Portland Timbers defender Vytas Andriuskevicius, second from right, trips up Seattle Sounders midfielder Cristian Roldan, right, in the second half of a MLS soccer match, Sunday, Aug. 21, 2016, in Seattle. Andriuskevicius was called for a foul on the play, and the Sounders' Clint Dempsey scored a goal on the resulting penalty kick. (AP Photo/Ted S. Warren)
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Desperation is up-and-down the schedule this weekend in Major League Soccer, as the playoff race really heats up.

The calendar turns to September next week, and teams will end this weekend with a clear view of their runs into the season’s final Sunday: Oct. 23.

[ MORE: Bundesliga season primer ]

The tumult that is an MLS season means only one team is more than two wins out of a playoff spot right now, and that’s Houston (7 points back of Western No. 6 Portland).

Here’s who is feeling the heat of their matches this weekend:

Portland and Seattle: The Cascadia Cup rivals tangle Sunday in Oregon, with the Timbers holding a one-point edge on the Sounders for the West’s final playoff spot. Seattle has played one fewer games than Portland, and a win on Sunday would be a double-whammy for PDX; The Timbers would be level on points with Seattle and Vancouver in the Cascadia Cup standings with just one match to go (compared to their opponents’ two).

Vancouver: The ‘Caps don’t have a Cup game this weekend, but will face an L.A. team which hasn’t lost at home. Vancouver is in real danger of moving more than one win behind in the fight for a playoff spot. If they lose to L.A. and both San Jose and Portland win, the Whitecaps will be five points back of a playoff spot. Of course, this being MLS, a win and help could see Vancouver in sixth when the smoke clears.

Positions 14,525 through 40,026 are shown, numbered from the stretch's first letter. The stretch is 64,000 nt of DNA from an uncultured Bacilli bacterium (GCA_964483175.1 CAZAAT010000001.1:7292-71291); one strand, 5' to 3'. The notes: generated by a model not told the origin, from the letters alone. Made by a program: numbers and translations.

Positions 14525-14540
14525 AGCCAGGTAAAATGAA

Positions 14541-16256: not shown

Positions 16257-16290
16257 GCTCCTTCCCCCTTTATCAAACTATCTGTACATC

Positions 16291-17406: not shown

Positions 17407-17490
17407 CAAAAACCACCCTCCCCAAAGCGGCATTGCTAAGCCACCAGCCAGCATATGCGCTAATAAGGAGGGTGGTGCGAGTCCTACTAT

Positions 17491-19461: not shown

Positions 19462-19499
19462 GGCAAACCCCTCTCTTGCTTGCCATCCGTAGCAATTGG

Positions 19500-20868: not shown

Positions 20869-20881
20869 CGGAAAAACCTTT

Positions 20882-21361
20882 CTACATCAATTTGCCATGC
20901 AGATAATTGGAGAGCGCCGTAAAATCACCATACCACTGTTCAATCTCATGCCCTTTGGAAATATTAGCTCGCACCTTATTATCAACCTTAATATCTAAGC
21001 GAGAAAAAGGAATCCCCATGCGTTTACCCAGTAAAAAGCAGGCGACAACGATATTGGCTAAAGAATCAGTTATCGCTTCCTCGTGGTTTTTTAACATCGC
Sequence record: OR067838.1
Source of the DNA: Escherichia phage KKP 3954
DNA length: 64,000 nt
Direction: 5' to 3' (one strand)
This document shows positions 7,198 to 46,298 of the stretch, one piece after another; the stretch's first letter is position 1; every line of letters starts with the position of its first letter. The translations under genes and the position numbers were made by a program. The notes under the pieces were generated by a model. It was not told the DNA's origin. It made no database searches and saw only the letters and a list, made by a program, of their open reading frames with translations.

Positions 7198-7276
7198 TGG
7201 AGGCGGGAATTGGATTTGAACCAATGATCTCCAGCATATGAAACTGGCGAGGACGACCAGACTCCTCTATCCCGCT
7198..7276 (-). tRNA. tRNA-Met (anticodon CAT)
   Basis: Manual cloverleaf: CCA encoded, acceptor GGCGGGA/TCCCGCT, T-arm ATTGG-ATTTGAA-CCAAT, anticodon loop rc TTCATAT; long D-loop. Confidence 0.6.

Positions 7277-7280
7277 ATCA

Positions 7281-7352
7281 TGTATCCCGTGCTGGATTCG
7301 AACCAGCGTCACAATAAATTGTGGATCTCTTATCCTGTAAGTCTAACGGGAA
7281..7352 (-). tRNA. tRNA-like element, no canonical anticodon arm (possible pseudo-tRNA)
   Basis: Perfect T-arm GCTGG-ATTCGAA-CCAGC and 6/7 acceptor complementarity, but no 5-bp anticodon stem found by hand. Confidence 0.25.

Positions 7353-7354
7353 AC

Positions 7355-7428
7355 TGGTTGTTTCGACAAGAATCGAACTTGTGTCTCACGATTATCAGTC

Columbus and New England: No one likes to comment on job status, but Revs’ boss Jay Heaps and his Columbus counterpart (Gregg Berhalter) have to be a bit concerned at this point. New England is a total mess, opening up a goalkeeping controversy, and is pinning its hopes on some Open Cup final karma. The Crew was supposed to contend for a title after last year’s final run, but is currently in the East’s cellar with just three home wins from 13 matches.

Schedule

Friday
Colorado at Real Salt Lake — 8 p.m. EDT

Saturday
Chicago at DC United — 7 p.m. EDT
Sporting KC at Philadelphia — 7 p.m. EDT
San Jose at Columbus — 7:30 p.m. EDT
Montreal at Toronto FC — 7:30 p.m. EDT
FC Dallas at Houston — 9 p.m. EDT
Vancouver at LA Galaxy — 10:30 p.m. EDT

Sunday
New England at New York Red Bulls — 2:30 p.m. EDT
Seattle at Portland — 5 p.m. EDT
New York City at Orlando City — 7 p.m. EDT

Season starts Friday, so here is your Bundesliga 2016-17 primer

CHARLOTTE, NC - JULY 30:  Julian Green #37 of FC Bayern Munich smiles after scoring the last of his three goals against FC Internazionale during an International Champions Cup match at Bank of America Stadium on July 30, 2016 in Charlotte, North Carolina.  (Photo by Grant Halverson/Getty Images)